LGBTQ advocacy group declares state of emergency in United States
“I’m not going to sugarcoat this: For the first time in HRC’s nearly half-century history, we’re declaring a national state of emergency for LGBTQ+ people in the United States.”
The Human Rights Campaign (HRC) is the largest LGBTQ advocacy organisation in the United States. They have made this declaration in response to the ever-increasing anti-LGBTQ legislation in statehouses across the country. More than 70 anti-LGBTQ bills were passed this legislative session, double last year’s numbers. Some 525 bills were introduced, almost all by Republicans, including more than 220 affecting transgender people. Texas, Tennessee and Florida, for instance, are banning teachers from discussing LGBTQ+ matters and from teaching Black history, and are banning gender-affirming and abortion care. But there are positive developments in Michigan, Pennsylvania and Minnesota and “for every villain, there are countless heroes fighting back even as our opponents threaten democracy to punish them”
Saudi woman sentenced to 30 years over tweets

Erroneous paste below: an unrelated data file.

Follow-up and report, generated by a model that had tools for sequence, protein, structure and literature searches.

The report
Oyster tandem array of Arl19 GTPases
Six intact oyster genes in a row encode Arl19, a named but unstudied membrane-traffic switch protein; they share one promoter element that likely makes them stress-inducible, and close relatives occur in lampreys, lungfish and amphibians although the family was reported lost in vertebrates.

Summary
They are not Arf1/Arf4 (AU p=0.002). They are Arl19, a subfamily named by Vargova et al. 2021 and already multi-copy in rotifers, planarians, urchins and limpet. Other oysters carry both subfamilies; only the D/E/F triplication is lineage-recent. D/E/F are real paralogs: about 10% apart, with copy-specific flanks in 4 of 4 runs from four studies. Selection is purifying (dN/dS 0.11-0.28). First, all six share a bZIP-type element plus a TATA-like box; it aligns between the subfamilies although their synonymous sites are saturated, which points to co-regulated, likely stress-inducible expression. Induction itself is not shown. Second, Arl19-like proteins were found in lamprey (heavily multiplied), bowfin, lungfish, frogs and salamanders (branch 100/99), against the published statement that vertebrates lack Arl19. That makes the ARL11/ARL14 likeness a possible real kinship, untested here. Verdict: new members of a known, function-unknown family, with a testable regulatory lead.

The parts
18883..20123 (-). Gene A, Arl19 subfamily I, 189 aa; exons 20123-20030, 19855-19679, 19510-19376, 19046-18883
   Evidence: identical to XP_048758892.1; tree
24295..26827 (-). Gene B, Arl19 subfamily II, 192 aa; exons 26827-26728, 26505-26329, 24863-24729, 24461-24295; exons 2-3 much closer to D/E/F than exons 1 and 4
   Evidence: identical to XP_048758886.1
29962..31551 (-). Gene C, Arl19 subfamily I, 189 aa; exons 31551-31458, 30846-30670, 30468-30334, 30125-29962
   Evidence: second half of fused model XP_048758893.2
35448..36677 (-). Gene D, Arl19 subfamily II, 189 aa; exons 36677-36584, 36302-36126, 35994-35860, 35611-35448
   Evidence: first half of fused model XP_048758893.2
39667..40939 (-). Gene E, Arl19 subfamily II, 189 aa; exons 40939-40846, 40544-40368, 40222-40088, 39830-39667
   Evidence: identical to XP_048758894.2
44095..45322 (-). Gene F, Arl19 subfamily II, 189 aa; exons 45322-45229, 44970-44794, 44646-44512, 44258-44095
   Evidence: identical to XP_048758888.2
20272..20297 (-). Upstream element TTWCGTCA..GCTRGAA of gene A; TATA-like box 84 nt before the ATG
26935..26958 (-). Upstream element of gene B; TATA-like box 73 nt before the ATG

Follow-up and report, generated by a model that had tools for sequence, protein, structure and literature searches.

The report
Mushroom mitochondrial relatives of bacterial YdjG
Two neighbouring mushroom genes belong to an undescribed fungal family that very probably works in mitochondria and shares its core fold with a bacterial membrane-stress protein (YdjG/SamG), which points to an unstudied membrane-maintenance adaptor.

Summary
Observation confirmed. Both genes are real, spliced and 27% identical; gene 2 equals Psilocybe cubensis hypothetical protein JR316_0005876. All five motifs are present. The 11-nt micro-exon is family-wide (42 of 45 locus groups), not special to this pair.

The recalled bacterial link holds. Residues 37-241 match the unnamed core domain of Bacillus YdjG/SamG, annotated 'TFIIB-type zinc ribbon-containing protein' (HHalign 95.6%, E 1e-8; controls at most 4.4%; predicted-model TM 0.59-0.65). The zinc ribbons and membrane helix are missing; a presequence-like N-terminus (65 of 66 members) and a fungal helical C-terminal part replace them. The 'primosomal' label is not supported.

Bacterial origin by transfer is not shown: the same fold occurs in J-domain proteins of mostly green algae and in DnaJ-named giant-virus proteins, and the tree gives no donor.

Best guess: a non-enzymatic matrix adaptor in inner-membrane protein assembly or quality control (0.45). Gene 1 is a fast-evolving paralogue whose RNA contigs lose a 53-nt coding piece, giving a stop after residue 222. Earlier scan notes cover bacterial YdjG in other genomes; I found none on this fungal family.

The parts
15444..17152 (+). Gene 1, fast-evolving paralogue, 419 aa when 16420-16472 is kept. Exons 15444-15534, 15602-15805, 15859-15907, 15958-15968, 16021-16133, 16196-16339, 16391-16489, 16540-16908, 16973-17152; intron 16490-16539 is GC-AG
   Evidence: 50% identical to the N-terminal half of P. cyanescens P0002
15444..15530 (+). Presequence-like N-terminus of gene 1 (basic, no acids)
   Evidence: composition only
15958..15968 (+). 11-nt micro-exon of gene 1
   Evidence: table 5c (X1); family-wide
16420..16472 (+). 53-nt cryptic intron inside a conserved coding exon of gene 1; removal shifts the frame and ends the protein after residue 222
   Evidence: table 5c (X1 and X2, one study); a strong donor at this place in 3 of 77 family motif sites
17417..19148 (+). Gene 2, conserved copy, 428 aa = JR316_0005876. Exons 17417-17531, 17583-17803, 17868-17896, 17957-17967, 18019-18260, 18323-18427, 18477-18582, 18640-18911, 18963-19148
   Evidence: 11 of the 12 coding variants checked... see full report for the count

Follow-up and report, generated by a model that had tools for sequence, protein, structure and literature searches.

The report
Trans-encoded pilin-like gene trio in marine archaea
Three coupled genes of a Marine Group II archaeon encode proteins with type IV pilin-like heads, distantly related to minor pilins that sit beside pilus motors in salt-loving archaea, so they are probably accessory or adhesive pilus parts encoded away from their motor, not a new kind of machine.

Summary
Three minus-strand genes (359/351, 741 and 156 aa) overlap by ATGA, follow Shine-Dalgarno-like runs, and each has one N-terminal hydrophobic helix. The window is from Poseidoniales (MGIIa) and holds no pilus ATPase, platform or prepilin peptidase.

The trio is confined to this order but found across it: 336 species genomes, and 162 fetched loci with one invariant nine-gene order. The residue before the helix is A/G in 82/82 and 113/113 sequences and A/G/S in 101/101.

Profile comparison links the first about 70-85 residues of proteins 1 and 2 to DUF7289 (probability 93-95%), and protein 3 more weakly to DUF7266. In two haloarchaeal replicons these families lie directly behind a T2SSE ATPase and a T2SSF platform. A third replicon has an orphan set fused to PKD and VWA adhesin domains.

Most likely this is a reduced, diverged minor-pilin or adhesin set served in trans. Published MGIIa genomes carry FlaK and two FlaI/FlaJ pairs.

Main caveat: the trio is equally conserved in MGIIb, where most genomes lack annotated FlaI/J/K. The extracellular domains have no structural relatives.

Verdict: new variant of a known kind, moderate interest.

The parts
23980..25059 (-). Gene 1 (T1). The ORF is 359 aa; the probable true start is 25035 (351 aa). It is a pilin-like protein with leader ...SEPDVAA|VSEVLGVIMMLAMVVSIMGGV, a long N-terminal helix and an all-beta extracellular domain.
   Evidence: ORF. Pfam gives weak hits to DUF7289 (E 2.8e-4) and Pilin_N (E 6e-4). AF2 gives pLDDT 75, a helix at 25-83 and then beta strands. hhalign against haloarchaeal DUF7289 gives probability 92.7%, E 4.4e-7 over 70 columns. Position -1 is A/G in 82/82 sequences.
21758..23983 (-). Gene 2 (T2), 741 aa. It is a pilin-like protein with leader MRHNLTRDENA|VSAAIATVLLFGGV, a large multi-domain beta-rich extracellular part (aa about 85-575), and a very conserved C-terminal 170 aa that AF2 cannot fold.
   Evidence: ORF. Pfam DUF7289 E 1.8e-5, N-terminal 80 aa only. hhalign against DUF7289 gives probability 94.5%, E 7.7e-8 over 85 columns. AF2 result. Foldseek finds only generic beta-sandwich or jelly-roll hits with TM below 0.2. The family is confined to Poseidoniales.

The UK has for many years been an ally and trade partner with the Saudis, prioritising profit and ignoring injustice and brutality. Defence Secretary Ben Wallace visited Saudi Arabia earlier this year and “reaffirmed the UK’s enduring commitment to work with the Kingdom of Saudi Arabia, with discussion of how to enhance the bilateral relationship yet further in support of regional stability and security.” I doubt they discussed human rights violations, torture, executions, the deportation of migrant workers, religious discrimination, the clamp down on both free speech and the right to protest, and the devastating conflict in Yemen. Meanwhile a young Saudi woman has been sentenced to more than 30 years’ imprisonment because she posted some anonymous tweets about political prisoners, the rights of women and unemployment. Others have received prison sentences and travel bans for tweets and retweets since August last year. Middle East Eye (MEE) reports that the Organisation for Supporting Human Rights (ALQST) is urging the world to support those at the receiving end of these injustices: ” It is time for the world to speak up on behalf of them all and to urge for their release immediately and unconditionally.”